So, we have our model of a single cell: a greatly simplified model consisting of a two-dimensional outline in which are strung six elastic springs, one of which has the special property of responding to an externally imposed stretch by actively contracting. That is stage one of the modelling process. In stage two, Oster and his colleagues cloned up a few dozen of their model cells and arranged them in a circle, like a (two-dimensional) blastula. Then they took one cell and tweaked its contractile filament to provoke it into contracting. What happened next is almost too wonderful to bear. The model blastula gastrulated! Here are six screenshots showing what happened (a to f below). A wave of contraction spread sideways from the cell that was provoked, and the ball of cells spontaneously invaginated.
Oster's model blastula gastrulating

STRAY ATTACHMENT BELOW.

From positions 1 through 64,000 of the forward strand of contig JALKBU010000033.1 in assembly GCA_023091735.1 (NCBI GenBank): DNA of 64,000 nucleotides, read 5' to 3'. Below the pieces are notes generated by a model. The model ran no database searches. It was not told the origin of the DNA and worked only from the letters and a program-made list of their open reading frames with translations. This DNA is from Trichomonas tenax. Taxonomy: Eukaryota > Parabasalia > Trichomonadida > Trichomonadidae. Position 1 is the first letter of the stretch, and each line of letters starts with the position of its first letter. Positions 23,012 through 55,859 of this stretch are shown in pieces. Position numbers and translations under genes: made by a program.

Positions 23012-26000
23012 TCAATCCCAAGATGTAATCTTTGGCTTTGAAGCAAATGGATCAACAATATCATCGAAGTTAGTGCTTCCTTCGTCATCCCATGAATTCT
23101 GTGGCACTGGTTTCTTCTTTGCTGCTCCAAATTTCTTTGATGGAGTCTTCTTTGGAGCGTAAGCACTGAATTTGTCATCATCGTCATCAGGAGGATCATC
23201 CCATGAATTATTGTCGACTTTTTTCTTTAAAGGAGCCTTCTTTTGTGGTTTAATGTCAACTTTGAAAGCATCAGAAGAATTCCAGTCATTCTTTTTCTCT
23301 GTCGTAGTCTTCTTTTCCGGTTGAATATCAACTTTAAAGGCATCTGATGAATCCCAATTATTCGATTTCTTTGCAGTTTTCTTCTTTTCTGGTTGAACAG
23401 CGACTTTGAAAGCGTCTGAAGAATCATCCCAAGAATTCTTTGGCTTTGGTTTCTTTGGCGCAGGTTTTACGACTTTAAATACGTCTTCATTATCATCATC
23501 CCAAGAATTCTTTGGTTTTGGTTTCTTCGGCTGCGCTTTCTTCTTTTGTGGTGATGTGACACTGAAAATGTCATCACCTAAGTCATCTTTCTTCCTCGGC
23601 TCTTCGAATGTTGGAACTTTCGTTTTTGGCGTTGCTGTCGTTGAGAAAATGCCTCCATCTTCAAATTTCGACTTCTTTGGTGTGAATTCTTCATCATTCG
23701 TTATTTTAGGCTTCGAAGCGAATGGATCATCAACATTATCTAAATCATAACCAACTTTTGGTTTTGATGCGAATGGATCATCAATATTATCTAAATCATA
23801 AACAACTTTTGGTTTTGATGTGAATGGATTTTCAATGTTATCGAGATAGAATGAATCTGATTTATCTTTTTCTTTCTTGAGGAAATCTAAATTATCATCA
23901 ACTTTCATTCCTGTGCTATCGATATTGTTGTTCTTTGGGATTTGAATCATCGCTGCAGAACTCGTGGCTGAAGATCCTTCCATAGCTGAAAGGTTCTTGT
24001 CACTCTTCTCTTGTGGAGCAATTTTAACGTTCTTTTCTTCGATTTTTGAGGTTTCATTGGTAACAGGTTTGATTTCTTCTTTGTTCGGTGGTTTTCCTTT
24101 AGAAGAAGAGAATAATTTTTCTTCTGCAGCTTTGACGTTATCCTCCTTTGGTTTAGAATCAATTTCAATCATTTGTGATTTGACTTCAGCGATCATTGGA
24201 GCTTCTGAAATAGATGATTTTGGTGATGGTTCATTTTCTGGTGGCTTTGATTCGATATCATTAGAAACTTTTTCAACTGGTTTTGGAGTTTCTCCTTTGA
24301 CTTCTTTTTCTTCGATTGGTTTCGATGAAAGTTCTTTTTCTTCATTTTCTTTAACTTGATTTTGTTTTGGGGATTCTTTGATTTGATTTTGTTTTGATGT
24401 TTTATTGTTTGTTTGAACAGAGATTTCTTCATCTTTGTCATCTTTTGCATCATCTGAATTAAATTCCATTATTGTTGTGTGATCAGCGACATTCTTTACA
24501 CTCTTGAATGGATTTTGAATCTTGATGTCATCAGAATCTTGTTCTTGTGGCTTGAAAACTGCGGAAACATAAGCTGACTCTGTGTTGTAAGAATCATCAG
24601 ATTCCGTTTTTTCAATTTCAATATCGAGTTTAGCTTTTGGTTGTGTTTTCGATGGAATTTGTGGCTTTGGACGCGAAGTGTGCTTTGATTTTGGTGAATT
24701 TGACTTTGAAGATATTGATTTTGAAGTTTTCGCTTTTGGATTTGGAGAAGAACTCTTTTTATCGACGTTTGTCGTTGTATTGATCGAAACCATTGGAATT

It gets even better. Oster and his colleagues tried the experiment, on their computer model, of lowering the 'firing threshold' of the contractile filaments. The result was a wave of invagination that went further, and actually pinched off a 'neural tube' (screenshots a to h, overleaf). It is important to understand what a model such as this really is. It is not an accurate representation of neurulation. Quite apart from the fact that it is two-dimensional and simplified in many other ways, the ball of cells that 'neurulated' (screenshot a) was not a two-layered 'gastrula' as it should have been. It was the same blastula-like starting point as we had for the model of gastrulation above. It doesn't matter: models are not supposed to be totally accurate in every detail. The model still shows how easy it is to mimic various aspects of the behaviour of cells in an early embryo. The fact that the two-dimensional 'ball' of cells responded spontaneously to the stimulus even though the model is simpler than the real situation makes this a more powerful piece of evidence. It reassures us that the evolution of the various procedures of early embryonic development need not have been all that difficult. Note that it is the model that is simple, not the phenomenon that it demonstrates. That is the hallmark of a good scientific model.
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